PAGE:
No Gods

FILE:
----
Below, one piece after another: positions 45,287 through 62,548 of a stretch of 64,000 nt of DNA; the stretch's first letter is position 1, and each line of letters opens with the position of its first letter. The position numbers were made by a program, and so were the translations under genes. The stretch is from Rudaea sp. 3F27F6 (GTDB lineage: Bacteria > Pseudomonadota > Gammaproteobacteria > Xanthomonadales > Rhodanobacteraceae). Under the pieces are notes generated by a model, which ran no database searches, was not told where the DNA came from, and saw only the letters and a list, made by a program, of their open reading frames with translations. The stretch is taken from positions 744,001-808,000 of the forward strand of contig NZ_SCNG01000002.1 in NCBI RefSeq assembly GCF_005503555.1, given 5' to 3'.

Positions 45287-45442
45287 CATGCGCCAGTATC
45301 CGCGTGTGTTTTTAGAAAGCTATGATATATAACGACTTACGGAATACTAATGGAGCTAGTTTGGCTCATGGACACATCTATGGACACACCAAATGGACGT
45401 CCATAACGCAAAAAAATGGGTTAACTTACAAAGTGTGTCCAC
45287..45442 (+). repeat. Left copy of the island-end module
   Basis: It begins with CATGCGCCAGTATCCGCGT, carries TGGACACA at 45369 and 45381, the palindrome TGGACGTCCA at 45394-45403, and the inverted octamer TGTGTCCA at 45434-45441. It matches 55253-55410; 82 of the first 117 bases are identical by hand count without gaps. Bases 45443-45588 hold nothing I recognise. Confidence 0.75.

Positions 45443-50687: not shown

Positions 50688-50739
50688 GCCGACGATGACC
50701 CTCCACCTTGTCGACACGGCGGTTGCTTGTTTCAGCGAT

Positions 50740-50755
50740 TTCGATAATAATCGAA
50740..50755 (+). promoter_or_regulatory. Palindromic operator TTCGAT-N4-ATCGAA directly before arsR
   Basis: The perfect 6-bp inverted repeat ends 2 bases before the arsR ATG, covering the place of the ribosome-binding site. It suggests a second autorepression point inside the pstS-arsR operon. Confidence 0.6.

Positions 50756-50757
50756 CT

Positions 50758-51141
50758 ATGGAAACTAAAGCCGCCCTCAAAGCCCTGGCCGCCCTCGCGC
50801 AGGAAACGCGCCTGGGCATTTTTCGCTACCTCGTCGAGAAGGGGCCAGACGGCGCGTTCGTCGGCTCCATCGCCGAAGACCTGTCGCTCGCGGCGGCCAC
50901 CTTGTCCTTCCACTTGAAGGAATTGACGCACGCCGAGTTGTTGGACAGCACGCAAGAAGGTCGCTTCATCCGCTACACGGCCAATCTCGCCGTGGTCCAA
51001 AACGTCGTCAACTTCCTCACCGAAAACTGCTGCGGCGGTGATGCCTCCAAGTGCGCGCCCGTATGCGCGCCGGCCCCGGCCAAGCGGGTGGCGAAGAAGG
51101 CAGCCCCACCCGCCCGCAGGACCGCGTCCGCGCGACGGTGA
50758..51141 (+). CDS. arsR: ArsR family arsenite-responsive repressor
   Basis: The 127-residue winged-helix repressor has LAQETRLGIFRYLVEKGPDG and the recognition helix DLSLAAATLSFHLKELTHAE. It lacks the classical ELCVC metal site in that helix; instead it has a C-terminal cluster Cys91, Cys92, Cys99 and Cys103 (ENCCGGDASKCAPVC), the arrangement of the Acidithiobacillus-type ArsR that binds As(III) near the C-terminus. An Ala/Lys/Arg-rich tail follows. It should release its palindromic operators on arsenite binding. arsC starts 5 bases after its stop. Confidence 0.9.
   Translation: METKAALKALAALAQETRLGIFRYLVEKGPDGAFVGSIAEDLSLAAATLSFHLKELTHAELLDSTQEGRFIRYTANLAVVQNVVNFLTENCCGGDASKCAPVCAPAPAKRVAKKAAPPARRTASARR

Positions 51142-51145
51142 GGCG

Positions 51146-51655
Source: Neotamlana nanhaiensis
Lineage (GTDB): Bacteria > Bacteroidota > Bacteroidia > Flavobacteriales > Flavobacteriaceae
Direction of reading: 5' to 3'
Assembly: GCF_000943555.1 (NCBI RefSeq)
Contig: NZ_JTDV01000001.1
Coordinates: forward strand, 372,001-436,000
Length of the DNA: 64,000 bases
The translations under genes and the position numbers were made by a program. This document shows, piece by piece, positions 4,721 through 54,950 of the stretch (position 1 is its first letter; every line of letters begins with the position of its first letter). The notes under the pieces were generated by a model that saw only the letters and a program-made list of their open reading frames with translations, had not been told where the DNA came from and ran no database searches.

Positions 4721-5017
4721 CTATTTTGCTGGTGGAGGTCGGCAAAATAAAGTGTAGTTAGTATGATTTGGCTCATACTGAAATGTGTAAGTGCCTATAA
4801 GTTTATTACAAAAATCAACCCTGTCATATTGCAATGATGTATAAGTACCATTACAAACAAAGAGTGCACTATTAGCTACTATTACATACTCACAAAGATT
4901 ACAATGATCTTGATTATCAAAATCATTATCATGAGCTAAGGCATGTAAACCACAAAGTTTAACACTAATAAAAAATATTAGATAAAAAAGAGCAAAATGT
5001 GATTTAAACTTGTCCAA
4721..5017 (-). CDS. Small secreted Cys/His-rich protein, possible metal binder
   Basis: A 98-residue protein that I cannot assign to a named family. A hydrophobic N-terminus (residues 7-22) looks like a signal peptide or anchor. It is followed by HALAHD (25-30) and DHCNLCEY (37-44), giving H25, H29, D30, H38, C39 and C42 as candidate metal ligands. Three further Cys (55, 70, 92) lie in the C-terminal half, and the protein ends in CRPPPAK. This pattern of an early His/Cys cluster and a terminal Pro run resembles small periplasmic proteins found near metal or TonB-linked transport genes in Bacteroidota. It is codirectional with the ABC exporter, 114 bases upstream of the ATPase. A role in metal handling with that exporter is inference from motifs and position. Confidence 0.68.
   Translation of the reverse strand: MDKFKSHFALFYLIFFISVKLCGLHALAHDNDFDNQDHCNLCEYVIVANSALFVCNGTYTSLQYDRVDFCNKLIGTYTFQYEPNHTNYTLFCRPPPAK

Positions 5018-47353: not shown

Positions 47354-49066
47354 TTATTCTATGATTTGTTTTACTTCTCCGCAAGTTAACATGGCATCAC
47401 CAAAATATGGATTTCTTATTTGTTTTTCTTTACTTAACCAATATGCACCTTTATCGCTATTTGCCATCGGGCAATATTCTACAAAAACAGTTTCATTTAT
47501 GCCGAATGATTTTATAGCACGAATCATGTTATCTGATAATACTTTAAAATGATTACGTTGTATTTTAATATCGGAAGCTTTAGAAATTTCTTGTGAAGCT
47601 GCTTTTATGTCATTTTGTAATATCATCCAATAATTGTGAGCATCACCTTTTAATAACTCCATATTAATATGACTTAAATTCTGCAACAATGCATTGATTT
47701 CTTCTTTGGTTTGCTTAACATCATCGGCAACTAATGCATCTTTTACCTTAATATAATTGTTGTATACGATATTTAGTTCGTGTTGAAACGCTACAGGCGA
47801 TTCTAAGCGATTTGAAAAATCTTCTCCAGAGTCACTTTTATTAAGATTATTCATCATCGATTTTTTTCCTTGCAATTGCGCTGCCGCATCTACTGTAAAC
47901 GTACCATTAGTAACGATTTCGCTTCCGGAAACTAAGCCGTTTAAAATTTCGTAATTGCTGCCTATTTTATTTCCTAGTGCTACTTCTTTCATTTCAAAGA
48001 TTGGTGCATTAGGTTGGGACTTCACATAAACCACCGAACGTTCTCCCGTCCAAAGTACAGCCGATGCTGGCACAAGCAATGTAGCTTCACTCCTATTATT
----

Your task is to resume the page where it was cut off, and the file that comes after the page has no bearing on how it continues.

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Inspired by everyone from Charles Bukowski to Gallows, Leamington Spa quartet Sharks have been described as the saviors of British punk by the rock press, championed by the likes of the Clash's Mick Jones and Frank Turner, and invited on tour by the Gaslight Anthem and Social Distortion since their arrival on the scene five years ago. So it comes as something of a surprise that their debut album, No Gods, is such a tame affair. Frontman James Mattock has the suitably snarling vocal style down to a T, while there are the occasional flashes of boisterousness, as on the punchy opener "Til the Wonders Rise" and the sweaty pogo-inducing "Matthew's Baby." But despite the presence of producer Brian McTernan, best known for his work with post-hardcore outfits We Are the Ocean and Emarosa, its 11 tracks have more in common with the stodgy indie rock of the mid-2000s than the raw punk of the early '80s. "Arcane Effigies" is a nostalgic ode to young adulthood that recalls the dated laddishness of the Enemy and the Twang, "Dawn Soft Light" and "What Entails?" are unremarkable slices of boorish pub rock, while the more palatable "Turn to You" echoes the romantic mod-pop of the Ordinary Boys. Sharks have built up a reputation as one of the U.K.'s most vibrant young live acts, but the disappointingly flat No Gods suggests that something must have gone missing on their way to the studio.

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